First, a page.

Wirral's £40 million investment in big tobacco

It's Stoptober time. which if you didn't know, is a national campaign to help people quit smoking.

Wirral Council's right behind it and has some helpful advice on its website.

All well and good and a sensible initiative to promote healthier living.

And an interesting backdrop to the latest set of accounts published by the Merseyside Pension Fund.

Why you might reasonably ask? Well, Wirral manages the Merseyside Pension Fund on behalf of all the councils on Merseyside. It's a serious fund, one of the biggest of its kind in the country with assets totalling £6.4 billion.

That's the kind of money that could do some serious good if invested in those companies working in the green economy - renewable energy, sustainable homes, cleaner transport.

Unfortunately, the Merseyside Pension Fund has some very nasty habits. It's biggest share holding - £40m - is British American Tobacco.

And it's not just big tobacco.

Coming in at number two is HSBC, recently fined $2 billion by the US senate for money laundering and branded a conduit for "drug kingpins and rogue nations".

At #3 is the BG Group which is up to its neck in the push to make the UK the fracking capital of Europe. Perhaps the fund is unaware there is huge opposition to fracking in Wirral across the political divide.

#4 is notorious tax avoider Vodafone.

And, finally, at #5 comes BP, a company synonymous with environmental carnage and just this week ruled to have been grossly negligent by a US court following the 2010 Deepwater Horizon catastrophe.

What a shocking list and an absolute stain on the whole of Merseyside but Wirral in particular.

And, with a growing movement to divest from fossil fuels, these holdings represent a huge risk to the current and future beneficiaries of the Merseyside Pension Fund.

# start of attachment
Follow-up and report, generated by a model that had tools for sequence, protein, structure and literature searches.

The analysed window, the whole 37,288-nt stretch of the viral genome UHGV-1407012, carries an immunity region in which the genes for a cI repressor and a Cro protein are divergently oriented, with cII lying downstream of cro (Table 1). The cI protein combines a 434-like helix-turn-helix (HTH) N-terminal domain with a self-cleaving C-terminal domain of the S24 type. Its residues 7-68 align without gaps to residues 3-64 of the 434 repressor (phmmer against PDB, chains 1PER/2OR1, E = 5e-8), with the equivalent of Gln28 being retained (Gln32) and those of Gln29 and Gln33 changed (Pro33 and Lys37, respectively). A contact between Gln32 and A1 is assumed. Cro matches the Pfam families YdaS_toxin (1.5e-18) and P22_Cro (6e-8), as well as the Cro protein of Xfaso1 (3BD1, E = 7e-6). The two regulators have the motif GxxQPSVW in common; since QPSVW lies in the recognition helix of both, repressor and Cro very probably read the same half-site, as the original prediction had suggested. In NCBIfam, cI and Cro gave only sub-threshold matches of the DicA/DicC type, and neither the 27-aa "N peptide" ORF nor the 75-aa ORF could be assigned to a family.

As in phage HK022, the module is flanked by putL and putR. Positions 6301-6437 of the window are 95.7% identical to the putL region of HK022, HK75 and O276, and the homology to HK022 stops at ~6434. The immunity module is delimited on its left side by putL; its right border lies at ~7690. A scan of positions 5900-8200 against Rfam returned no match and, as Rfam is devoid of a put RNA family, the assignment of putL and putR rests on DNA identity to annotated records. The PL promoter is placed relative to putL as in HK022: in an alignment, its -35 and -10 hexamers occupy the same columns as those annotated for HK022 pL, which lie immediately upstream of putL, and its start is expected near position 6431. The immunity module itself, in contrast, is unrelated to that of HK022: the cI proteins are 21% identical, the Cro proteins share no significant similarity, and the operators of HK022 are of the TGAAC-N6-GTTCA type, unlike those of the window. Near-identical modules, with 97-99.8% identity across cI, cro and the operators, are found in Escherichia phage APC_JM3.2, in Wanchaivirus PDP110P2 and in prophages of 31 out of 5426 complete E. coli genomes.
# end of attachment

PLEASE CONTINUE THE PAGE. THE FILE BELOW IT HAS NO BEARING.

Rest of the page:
7 Sep 2014

Lyndale: A new low for Labour

On Thursday, Wirral’s ruling Labour cabinet voted unanimously to close Lyndale School from January 2016. Several hours of presentations were followed by an extremely brief rubber stamping of a pre-printed motion to close the school.

 

You can read the official Green Party response at wirralgreenparty.org.uk and there is an excellent editorial in the Wirral Globe which castigates Labour for the whole shabby affair.

 

For me, there are a few stand-out features of this case:

 

  • The political oversight has been extremely weak. Cabinet has accepted the view of officers and external consultants without offering any visible challenge. Inevitably, those affected suspect a hidden agenda.

 

  • The official consultation yielded an incredible response, most notably from the Lyndale parents whose detailed submission was a real tour de force. When such a huge response generates zero return it is hardly surprising that the public is incredibly sceptical about such exercises.

 

  • We all know that local government finances are being squeezed but this closure won’t save a penny as funding comes from outside Wirral. Labour rightly blames the government for slashing council funding but that won’t wash in the case of Lyndale. This makes the decision all the more bizarre.

 

It certainly makes a mockery of Labour’s claims to “protect the vulnerable”. You don’t get more vulnerable than the kids who attend Lyndale. No wonder parents were left in tears and the rest of us shaking our heads with disbelief.